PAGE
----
Medialens isn't so much surprised as shocked that no-one wants to hear about it, the Guardian, in particular, has it's hands over its ears and is singing "lalala":
The only journalist who has been consistently honest about the media is John Pilger. It's interesting to consider how he's treated. In our view he's the country's most powerful dissident - his writing is superb, and the depth and breadth of his insight is beyond most of the other writers you mention. But it seems there's no place for him in any of the quality papers! People talk about the Guardian comment editor Seumas Milne as a radical force - but he won't publish Pilger. We've asked Milne why and he refuses to answer. So our best living dissident - obviously one of the all-time greats - is required to write a fortnightly column in the New Statesman which reaches a few thousand people. So why is he treated differently to Klein and Monbiot? Because he's honest about the media - he criticises the Guardian, he draws attention to the vital role of the entire liberal media establishment in crimes against humanity. So he is persona non grata.
Good lefties, of course, know that the Graun is a "liberal" paper and, if they don't always mentally adjust the stories accordingly, they are aware that it is biased. They probably read Private Eye, too, and are thus painfully aware that journalists are very human.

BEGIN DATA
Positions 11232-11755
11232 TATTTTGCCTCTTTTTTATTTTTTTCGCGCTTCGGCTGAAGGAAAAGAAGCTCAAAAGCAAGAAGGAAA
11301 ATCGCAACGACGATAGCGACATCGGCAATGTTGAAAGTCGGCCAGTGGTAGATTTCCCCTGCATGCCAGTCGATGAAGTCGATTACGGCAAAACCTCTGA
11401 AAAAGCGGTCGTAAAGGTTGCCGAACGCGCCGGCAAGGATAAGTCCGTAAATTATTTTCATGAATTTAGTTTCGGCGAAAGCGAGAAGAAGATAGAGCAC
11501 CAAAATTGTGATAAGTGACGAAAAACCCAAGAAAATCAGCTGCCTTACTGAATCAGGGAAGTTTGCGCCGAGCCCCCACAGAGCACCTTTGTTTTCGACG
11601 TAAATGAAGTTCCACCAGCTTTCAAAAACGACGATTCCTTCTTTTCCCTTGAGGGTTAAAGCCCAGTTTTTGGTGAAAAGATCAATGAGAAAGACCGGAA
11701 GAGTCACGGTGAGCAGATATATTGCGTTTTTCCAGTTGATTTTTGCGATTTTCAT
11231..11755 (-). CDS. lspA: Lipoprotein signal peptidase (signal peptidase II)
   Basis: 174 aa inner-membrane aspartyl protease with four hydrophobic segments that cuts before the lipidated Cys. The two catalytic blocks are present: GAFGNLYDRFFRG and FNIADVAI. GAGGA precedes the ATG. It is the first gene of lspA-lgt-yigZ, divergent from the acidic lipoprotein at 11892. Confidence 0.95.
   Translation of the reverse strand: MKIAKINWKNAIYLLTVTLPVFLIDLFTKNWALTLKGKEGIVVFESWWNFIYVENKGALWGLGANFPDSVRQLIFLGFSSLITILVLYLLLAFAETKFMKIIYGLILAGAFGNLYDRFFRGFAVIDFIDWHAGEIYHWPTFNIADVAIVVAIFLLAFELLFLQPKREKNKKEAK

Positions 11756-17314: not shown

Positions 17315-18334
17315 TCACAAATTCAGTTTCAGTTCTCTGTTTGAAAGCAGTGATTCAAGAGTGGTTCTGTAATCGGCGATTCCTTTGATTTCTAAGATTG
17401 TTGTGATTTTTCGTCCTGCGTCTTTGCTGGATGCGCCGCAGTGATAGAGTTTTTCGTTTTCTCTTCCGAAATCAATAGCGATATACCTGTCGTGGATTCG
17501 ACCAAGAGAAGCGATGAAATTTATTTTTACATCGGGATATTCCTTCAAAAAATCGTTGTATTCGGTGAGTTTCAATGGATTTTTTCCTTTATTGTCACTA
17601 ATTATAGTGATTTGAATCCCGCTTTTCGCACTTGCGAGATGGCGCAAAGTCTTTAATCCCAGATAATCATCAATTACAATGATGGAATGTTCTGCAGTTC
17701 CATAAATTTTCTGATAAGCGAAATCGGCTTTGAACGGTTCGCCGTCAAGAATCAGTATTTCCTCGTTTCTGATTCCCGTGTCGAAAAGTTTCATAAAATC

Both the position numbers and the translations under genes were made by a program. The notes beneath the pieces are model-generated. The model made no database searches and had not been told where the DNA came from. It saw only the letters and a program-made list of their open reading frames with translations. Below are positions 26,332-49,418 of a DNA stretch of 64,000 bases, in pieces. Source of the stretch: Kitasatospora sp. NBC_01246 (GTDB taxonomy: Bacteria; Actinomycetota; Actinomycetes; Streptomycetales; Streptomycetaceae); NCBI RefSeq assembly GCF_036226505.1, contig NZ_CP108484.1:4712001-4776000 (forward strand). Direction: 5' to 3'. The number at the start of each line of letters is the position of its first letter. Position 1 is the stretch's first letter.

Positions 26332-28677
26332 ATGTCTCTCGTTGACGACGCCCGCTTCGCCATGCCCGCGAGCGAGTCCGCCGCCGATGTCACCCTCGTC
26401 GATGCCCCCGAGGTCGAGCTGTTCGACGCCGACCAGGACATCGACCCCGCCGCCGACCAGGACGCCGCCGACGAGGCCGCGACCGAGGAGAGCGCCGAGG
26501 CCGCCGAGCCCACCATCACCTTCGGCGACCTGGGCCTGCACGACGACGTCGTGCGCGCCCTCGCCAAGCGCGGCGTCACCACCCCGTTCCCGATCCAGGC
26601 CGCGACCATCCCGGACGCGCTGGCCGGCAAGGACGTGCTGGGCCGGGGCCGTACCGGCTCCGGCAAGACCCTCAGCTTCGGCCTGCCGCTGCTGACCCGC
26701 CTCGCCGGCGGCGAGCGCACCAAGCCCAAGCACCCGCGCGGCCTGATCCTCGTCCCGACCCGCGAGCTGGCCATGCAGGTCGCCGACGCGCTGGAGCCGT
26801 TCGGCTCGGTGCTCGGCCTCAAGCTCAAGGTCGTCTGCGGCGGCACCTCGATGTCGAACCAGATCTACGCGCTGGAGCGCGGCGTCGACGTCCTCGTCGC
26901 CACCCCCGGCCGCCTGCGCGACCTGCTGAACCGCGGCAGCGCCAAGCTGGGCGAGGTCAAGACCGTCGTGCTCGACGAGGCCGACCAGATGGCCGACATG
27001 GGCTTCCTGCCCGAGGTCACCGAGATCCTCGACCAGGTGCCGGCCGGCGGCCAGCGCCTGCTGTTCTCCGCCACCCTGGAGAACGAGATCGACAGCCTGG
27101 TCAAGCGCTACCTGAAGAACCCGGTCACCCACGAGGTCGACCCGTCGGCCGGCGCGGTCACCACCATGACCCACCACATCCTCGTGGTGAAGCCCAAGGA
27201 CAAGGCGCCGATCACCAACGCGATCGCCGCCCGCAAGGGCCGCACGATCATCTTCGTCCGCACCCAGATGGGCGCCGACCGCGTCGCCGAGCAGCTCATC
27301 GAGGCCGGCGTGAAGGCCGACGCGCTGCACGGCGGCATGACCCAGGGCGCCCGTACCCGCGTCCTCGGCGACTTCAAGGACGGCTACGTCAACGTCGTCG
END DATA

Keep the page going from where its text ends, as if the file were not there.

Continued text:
I do subscribe to Medialens and I am grateful for the constant updates even if I don't read them that often. Part of the problem being that you do feel it takes someone quite spectacularly humourless to point out:
A Guardian Weekend supplement in March 2004 consisted of 128 pages. Of these, 90 were taken up in advertising, some of it aimed at society's wealthiest elites. The "chiffon halterneck dress with metal sequin overlay" advertised on page 74, for example, cost £5,890. The country's leading liberal newspaper described this as "absolute glamour".
Because if the country's leading liberal newspaper is raving about six grand dresses, well, the revolution can't be far off.